Saturday Night Live: Kristen Stewart/Coldplay
November 4, 2019 10:55 AM - Season 45, Episode 5 - Subscribe

Kristen Stewart wears a lot of wigs and Coldplay hides dancers in the audience.

Cold Open: "Elizabeth Warren" McKinnon, Gardner, Strong, Moffatt, Villaseñor, Fineman
Monologue: Kristen Stewart, Davidson, Bennett, Mooney
America At War: Day, Bennett, Fineman, Stewart, Bryant, McKinnon
Short film: Duolingo for Talking to Children: Stewart, Bryant, Moffat, Thompson, Gardner, Mooney
Farrows Ball: Bennett, Bryant, Mooney
Hero Dog: Strong, McKinnon, Gardner, Day, Thompson, Bryant, Redd
Corporate Life music video: Day, Stewart, Mooney, Bennett, Davidson
Music: Coldplay: "Orphans" dancers!
Weekend Update: Jost, Che, Aryant, McKinnon, Vilaseñor, Gardner
Jury Deadlock: nearly everyone
Baltimore Club: Nwodim, Thompson, Stewart, Bennett
Music: ColdPlay: “Everyday Life”
Astrology: Bennett, Stewart, Day, Bryant, Moffatt
posted by jessamyn (25 comments total) 1 user marked this as a favorite
 
I liked the Duolingo commercial.

The Monologue was kind of weak. She was really good last time she was on, if I recall correctly, so I'm not sure what happened this time.

I really don't remember most of the sketches. Were they just that forgettable?

They're getting a lot of mileage out of the "dog in sketch does a thing that dogs do" stuff lately.

I don't get Coldplay. They're perfectly harmless, I suppose, but there's nothing at all even remotely interesting about their music, is there? It's like elevator music if recorded by U2 during their most boring years.

I do appreciate when the musical guest does some kind of interesting performance, and it seems like they're doing that more lately.

I LOVED the little girl in the Weekend Update sketch but I couldn't tell who it was. She played it so well. Was that Melissa?
posted by bondcliff at 11:09 AM on November 4 [3 favorites]


I liked Farrows & Ball very much. There wasn't that much there, but for whatever reason the over pronunciation of colour and labour worked on me. It helped a LOT that they delivered it all straight and didn't corpse. I can imagine a lot of other cast members past and present ruining that one.

The raw meat/fish that's been sitting backstage all day bit on WU was pretty funny the first time and ok this time. I hope they don't try it again because there doesn't seem to be much left to that bit.

I like Kristin Stewart pretty well in general and she's great on SNL but it's really surprising how much better she is on pre-recorded bits (Duolingo and Corporate Life were both great) than live. She seems to really hold focus on the queue cards a lot. That's true of most hosts but much more so with her. She doesn't break constantly or take herself too seriously so she's better than a lot of hosts.
posted by Clinging to the Wreckage at 11:45 AM on November 4 [2 favorites]


There was nothing about this episode that I really enjoyed, and a lot that was just flat and or questionable. But above everything else: get rid of Michael Che. He had at least three jokes during Update that were just atrocious and make me think about what a miserable and juvenile person he must be to think that those words were funny.
posted by komara at 12:14 PM on November 4 [10 favorites]


Duolingo and Corporate Life both made me laugh a lot, I loved Farrow & Ball (especially Aidy's affirmation that she was drunk), and I liked the twist at the end of Baltimore Club. Interesting that the last two sketches of the night were all about "older people having 'weird' sex lives."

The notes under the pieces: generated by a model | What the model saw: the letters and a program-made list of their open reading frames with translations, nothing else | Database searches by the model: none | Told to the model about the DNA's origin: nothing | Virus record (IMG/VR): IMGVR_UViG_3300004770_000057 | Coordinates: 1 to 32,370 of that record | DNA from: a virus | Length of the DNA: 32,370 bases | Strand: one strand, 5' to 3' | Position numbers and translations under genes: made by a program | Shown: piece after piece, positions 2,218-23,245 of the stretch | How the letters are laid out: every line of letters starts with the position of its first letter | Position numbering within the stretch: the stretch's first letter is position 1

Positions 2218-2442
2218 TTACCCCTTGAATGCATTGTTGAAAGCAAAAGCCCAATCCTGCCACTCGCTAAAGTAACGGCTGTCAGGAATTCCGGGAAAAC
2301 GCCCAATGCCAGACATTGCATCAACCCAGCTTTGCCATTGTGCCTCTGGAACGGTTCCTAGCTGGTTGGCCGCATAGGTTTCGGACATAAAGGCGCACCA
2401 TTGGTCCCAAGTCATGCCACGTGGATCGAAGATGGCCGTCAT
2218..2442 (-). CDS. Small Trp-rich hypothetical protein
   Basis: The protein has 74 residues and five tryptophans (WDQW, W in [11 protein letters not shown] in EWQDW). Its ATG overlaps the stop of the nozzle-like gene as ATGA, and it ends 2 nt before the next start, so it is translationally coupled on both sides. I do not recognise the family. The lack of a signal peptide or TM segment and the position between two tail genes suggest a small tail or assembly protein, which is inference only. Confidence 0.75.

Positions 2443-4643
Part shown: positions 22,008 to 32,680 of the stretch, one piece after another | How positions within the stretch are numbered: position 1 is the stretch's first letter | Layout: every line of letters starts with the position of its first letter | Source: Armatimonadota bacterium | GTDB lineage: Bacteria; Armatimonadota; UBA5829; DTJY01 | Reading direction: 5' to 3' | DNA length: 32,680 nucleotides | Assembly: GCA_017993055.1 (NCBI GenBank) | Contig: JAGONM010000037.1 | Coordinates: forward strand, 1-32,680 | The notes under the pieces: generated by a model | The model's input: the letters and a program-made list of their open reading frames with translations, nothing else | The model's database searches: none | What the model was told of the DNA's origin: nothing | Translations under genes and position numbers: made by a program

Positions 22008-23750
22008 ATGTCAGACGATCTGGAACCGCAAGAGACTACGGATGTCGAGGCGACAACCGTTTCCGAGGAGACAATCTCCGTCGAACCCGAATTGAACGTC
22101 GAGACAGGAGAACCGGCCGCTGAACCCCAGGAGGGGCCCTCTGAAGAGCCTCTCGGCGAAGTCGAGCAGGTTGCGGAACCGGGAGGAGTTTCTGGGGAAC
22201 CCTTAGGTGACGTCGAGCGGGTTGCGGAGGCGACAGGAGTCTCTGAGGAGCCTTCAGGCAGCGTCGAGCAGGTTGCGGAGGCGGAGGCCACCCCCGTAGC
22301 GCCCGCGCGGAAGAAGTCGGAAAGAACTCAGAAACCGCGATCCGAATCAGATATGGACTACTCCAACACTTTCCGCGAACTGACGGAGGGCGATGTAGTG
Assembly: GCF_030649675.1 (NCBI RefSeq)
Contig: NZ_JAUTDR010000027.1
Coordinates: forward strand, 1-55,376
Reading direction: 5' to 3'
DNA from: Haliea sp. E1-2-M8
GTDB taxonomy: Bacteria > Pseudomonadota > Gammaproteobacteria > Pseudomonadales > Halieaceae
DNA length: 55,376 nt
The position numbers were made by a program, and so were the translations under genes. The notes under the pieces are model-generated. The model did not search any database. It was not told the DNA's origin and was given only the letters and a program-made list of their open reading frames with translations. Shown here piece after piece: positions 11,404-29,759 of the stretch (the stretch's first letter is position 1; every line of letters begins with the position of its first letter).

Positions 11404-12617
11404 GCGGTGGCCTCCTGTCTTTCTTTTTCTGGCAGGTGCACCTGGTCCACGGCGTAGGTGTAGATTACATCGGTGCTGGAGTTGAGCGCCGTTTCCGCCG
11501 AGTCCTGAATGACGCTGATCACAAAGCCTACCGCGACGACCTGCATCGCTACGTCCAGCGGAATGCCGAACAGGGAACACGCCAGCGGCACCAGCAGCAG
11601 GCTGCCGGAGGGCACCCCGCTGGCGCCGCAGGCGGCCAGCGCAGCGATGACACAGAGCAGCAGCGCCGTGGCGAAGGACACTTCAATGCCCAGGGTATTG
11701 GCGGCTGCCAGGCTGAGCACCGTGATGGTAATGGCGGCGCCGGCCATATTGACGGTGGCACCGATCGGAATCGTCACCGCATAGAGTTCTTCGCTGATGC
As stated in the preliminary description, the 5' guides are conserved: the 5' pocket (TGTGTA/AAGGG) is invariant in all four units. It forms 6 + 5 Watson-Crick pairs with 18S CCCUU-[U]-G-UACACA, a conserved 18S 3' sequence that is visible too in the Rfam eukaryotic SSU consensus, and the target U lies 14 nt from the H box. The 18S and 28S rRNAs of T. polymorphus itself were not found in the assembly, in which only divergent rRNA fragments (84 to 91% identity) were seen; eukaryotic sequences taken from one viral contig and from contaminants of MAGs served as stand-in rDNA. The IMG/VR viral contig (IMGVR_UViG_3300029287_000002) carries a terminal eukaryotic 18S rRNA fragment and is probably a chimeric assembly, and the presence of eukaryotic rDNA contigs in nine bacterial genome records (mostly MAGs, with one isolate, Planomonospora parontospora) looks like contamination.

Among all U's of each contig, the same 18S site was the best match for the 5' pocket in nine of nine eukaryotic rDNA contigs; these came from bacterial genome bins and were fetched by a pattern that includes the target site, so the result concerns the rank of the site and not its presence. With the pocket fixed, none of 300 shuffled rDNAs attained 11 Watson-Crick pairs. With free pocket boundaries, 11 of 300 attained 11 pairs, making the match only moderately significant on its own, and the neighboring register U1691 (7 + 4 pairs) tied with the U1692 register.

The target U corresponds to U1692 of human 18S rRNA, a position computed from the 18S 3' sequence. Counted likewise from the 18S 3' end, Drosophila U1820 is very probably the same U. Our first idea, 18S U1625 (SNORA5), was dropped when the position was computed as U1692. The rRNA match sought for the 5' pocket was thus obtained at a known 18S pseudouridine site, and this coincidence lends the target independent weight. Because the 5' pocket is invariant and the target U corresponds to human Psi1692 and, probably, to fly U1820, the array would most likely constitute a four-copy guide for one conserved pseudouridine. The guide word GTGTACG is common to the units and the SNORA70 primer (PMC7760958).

And yeah, Che continues to be rough, and not in a "but Norm Macdonald could get away with it" way. He is grating and unfunny along with other problematic writers, not in spite of them.
posted by witchen at 12:27 PM on November 4 [6 favorites]


I liked Farrows & Ball very much.

Yeah I did not think I would (I very much hate the "Family gets together and starts yelling at each other over trivial nonsense" brand of sketch because I lived it and it wasn't funny) but it was weird enough that I enjoyed it, straight through til topless Kyle at the end.
posted by jessamyn at 12:51 PM on November 4 [1 favorite]


Duolingo is one of the best prerecorded's in recent memory. So good!

It's like elevator music if recorded by U2 during their most boring years

I always thought of them as Radiohead with all the weird stuff filtered out.
posted by rhizome at 1:16 PM on November 4 [2 favorites]


color

velour

colour
posted by Monochrome at 1:33 PM on November 4


Please let me know if somebody really invents Duolingo for kids. I actually really like (other people's) children (mostly) but you'd hardly know it based on how I'm somehow even more awkward around kids I don't know than I am around adults I don't know.
posted by MCMikeNamara at 1:53 PM on November 4 [6 favorites]


Loved the Duolingo sketch but I would have loved an extra tag on the Duolingo for Talking to Your Dad bit with Kyle Mooney saying something like, "so...did you see that World War II documentary?"
posted by acidnova at 2:28 PM on November 4 [4 favorites]


Hah that would indeed have been great. They could make a Totino's series out of it! I suspect the "my guys" commercials were paid placements, so I suppose it could depend on how much $$ Duolingo has. Heck, maybe this one instance was also an ad! As long as SNL can make something truly funny out of it, I don't mind so much.

And absolutely the "...for Kids" was a bullseye in my interpersonal skills. Kids are like a different species! Maybe I should take this to AskMe.
posted by rhizome at 3:00 PM on November 4


They could make a Totino's series out of it! I suspect the "my guys" commercials were paid placements

Kristen Stewart was in one of the Totinos ones last time she hosted, and it was glorious.
posted by ApathyGirl at 3:49 PM on November 4 [3 favorites]


I thought that Stewart was better last time (famously, the haircut sketch).

Sneaking suspicion she may have a depressive disorder of some kind, making it easier not to corpse?

Absolutely, Bryant: "Yes I am!"
posted by porpoise at 3:53 PM on November 4 [1 favorite]


This episode hooked me early on for the single reason that the first sketch, Farrow and Ball, was bizarre enough to be any other episode’s ten-to-one sketch.

SNL, I currently watch you out of a sense of obligation. If Farrow and Ball were your baseline, I would sing your praises!

Anyway, Kristen acquitted herself well, and it was great to see a lot of Aidy happening. Kate gets tons of deserved attention but I think Aidy clearly deserves to be a breakout star.